ON the 11th hour, of the 11th day, of the 11th month in 1918, the First World War ended.
Civilians wanted to remember those who had given their lives and it was American War Secretary, Moina Michael, inspired by John McCrae’s poem, in Flander’s Fields, who began selling poppies to raise money for the ex-service community.
More than 90 years on, the tradition is still going strong and, on Saturday, October 27, Chichester launched its annual Poppy Appeal.
Appeal co-ordinator Ray Carter said: “With the barracks closed and being redeveloped, airfields gone, the shrinkage of the Royal Navy in Portsmouth, it would be easy to forget Chichester’s proud links throughout history with the Armed Forces.
“But Chichester’s citizens show their respect for our war dead, and pride and thanks to our present serving military and their dependants, year after year, in their amazing support of the national Poppy Appeal, the military covenant in action.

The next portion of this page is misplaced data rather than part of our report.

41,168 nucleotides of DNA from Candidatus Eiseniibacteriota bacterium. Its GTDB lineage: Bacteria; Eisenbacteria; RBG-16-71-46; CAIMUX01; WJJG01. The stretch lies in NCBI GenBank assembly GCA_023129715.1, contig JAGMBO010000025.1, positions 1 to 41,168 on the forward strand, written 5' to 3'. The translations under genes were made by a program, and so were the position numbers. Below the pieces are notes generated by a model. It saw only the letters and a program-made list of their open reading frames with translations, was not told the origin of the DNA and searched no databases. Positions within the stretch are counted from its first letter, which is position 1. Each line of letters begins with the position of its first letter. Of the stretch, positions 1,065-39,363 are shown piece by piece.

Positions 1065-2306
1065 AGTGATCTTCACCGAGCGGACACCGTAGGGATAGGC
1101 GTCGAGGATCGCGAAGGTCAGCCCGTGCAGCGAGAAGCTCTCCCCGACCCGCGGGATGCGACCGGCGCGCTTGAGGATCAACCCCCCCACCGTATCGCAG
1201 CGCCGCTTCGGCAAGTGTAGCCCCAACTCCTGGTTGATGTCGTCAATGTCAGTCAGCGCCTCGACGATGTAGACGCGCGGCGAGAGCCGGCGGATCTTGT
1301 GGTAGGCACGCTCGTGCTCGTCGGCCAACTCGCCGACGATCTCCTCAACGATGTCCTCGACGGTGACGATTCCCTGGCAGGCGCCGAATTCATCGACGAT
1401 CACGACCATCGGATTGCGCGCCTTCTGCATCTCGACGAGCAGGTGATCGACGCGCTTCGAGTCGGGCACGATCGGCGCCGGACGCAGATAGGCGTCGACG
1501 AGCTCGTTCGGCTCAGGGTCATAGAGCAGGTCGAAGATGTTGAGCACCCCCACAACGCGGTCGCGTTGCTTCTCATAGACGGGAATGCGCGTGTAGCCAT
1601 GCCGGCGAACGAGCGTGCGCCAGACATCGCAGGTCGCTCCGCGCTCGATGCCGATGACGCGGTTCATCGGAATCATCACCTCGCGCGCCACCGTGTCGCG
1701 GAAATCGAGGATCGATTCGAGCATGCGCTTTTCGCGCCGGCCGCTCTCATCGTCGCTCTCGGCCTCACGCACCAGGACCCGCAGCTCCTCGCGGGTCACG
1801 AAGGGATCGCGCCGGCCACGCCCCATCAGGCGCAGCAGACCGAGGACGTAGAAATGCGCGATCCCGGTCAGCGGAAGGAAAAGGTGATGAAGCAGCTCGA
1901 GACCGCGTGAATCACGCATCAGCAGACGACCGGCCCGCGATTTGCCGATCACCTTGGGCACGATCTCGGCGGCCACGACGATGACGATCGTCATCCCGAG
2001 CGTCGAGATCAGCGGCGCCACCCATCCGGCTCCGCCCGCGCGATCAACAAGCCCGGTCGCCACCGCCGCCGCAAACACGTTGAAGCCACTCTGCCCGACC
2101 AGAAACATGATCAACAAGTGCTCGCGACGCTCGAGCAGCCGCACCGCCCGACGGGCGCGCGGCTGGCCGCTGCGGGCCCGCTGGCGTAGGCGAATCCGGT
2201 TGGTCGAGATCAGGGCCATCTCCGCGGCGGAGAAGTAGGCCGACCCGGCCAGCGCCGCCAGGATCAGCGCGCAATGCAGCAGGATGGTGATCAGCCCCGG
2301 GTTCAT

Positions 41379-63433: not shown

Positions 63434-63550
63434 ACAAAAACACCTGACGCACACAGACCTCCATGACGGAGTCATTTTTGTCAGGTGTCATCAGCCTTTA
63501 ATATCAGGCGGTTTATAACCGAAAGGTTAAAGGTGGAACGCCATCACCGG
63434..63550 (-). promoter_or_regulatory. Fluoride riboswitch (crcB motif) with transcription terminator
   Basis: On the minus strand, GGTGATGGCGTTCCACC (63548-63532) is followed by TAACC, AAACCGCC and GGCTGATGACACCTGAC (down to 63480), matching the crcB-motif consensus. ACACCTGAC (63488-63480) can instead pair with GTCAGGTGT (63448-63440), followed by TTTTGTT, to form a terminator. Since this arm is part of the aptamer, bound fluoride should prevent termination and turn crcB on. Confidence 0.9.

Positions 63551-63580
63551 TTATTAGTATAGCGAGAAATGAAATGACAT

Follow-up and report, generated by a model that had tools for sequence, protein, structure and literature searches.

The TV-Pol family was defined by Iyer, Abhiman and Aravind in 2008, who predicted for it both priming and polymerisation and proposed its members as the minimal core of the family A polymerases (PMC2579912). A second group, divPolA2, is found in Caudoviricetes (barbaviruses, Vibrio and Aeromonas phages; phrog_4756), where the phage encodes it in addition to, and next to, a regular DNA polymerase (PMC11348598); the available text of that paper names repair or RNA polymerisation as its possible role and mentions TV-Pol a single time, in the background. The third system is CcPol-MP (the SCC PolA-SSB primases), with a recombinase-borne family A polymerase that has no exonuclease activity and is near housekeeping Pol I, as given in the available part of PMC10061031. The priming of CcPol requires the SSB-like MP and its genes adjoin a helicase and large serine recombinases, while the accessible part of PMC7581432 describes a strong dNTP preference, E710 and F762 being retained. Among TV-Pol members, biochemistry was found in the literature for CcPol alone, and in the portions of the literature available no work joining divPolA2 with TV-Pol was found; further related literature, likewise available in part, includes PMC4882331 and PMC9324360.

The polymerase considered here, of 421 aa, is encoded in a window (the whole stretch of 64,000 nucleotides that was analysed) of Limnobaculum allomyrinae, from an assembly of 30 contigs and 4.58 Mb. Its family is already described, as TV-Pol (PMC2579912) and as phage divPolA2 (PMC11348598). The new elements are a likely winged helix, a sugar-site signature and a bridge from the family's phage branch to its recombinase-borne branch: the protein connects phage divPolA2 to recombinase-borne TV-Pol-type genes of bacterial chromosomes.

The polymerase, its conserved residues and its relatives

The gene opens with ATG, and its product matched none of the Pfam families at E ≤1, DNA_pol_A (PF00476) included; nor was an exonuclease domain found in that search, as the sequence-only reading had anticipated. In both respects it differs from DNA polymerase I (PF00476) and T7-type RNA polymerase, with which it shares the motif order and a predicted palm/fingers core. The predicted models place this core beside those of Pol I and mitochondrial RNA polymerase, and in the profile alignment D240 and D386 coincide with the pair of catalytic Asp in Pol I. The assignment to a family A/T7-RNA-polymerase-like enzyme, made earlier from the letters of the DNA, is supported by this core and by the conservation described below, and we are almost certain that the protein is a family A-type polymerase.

“Close to £40,000 was raised last year, a magnificent effort by the city, elected representatives and citizens together.”
The appeal is based in the city council’s Assembly Rooms and will see will see over 200 collecting cans and 40,000 poppies in more than 150 venues,hospitals, schools,shops, offices, funeral parlours. The county-wide appeal was launched with a fly past at Shoreham Airport on Thursday, October 25.